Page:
Let’s say you have a bunch of directives that have similar directive definition objects (DDO):

angular.module('fields', [])
.directive('email', function(){
	return {
		restrict: 'E',
		controller: 'EmailController',
		scope: {
			model: '='
		}
		link: function(inputScope, inputElement, inputAttrs, ngModel){
			// link all the things!
		}
	};
})
.directive('phone', function(){
	return {
		restrict: 'E',
		controller: 'PhoneController',
		scope: { 
			model: '='
		}
		link: function(inputScope, inputElement, inputAttrs, ngModel){
			// link all the things!
		}
	}; 
})

Not the DRYest code, especially since nearly everything in those DDO’s is the same besides the controller. What can we do? How about creating a Factory that takes in a controller argument and spits out the correct DDO? Well, that would work well if you only ever have a few minor differences. Sure, you could pass in an options object that acts similarly to Python’s keyword arguments to allow the factory to build more customizable DDO’s…but there is a simpler way:

angular.module('fields', [])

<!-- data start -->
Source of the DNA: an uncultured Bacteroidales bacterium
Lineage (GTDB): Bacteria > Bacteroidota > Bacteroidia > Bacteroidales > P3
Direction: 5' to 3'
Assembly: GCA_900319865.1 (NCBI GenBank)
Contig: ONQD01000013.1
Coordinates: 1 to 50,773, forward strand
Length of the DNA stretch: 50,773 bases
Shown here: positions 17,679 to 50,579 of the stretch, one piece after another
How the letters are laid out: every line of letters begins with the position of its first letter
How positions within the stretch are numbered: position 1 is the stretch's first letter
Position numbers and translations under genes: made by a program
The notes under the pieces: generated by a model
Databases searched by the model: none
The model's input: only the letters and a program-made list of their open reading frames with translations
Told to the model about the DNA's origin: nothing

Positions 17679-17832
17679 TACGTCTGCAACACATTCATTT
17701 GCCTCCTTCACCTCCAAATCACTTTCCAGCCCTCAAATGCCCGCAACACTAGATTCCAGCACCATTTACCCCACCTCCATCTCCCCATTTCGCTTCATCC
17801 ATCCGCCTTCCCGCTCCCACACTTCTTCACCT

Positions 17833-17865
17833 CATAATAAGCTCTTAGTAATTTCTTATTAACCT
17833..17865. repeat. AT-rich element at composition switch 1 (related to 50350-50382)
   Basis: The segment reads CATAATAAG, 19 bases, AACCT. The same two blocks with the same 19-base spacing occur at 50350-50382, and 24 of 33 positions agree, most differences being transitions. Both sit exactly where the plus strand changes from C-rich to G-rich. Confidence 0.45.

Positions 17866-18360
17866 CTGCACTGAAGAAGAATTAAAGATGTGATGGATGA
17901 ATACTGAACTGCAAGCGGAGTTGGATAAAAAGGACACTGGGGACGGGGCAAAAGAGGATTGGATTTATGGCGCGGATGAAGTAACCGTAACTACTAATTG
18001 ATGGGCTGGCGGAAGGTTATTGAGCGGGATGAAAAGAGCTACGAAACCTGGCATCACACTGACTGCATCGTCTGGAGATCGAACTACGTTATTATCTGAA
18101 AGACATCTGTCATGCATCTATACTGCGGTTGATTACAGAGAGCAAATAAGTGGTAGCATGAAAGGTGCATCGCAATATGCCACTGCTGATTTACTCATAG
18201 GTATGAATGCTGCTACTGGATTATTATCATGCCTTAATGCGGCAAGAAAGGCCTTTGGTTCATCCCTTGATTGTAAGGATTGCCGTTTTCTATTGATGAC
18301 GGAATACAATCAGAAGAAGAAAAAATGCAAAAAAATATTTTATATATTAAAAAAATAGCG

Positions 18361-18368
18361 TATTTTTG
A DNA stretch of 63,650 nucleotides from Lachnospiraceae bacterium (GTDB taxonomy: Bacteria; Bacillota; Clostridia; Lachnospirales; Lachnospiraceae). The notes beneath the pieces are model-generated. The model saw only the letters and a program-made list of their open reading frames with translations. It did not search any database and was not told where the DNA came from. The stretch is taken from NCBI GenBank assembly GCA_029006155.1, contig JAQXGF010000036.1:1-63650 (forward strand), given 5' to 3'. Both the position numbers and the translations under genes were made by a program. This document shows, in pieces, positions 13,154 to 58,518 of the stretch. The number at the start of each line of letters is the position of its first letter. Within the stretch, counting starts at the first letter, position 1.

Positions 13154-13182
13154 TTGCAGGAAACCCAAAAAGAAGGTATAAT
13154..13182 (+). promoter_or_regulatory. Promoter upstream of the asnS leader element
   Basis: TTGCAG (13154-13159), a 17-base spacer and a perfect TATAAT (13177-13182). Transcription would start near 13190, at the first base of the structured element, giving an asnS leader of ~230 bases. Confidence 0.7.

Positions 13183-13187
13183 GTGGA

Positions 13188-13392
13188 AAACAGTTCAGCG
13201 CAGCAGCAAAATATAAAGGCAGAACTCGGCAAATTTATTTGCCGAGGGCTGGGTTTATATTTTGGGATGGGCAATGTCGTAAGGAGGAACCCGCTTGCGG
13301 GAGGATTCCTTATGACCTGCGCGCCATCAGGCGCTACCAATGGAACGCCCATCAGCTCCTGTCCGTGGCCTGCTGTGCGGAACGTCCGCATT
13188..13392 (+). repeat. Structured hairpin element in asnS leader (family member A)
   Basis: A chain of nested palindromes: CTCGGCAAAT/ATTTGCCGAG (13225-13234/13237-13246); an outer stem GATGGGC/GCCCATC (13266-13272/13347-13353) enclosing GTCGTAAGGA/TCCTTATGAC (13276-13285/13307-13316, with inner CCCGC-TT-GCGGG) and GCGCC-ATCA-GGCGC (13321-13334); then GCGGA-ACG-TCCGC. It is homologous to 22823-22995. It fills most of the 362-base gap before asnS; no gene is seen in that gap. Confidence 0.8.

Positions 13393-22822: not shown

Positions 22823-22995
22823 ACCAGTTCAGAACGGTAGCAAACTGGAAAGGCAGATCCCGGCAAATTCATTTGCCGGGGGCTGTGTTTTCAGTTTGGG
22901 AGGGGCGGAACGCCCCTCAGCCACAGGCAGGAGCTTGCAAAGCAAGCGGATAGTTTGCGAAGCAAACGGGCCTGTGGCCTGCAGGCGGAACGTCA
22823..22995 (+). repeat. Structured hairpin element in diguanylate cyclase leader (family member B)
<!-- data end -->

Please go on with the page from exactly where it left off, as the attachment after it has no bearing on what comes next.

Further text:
.factory('BaseDDO', function(){
	return {
		restrict: 'E',
		scope: {
			model: '='
		}
		link: function(inputScope, inputElement, inputAttrs, ngModel){
			// link all the things!
		}
	}
})
.directive('email', ['BaseDDO', function(BaseDDO){
	return angular.extend(BaseDDO(), {
		controller: 'EmailController'
	});
]})
.directive('email', ['BaseDDO', function(BaseDDO){
	return angular.extend(BaseDDO(), {
		controller: 'PhoneController'
	})
]})

By moving this into a dumb factory that always returns the base object, we can get shared functionality that is DRY. But that only gets us half way there. We need to use angular.extend to take that base object and mix in our custom controller. It can also work the other way, where you defined your DDO in the directive and then have a factory that returns an object with just a controller property to mix in a shared controller.

Before I end this post, I have one more example for you, using controllers:

angular.module('fields', [])
.factory('BaseControllerProps', function(){
    return {
        required: false,
        hidden: false
    };
})
.controller('EmailController', ['BaseControllerProps', function(BaseControllerProps){
    angular.extend(this, BaseControllerProps, {
        readonly: false;
    });
}]);

This example is for a controller that is being aliased with the Controller As functionality within Angular. This is showcasing a bit more of the power from angular.extend. It allows you to extend your objects as much as you want. Simply make your base controller the destination object, and extend it with any other source objects, as needed. This will then copy over functionality and properties from the other objects to your controller.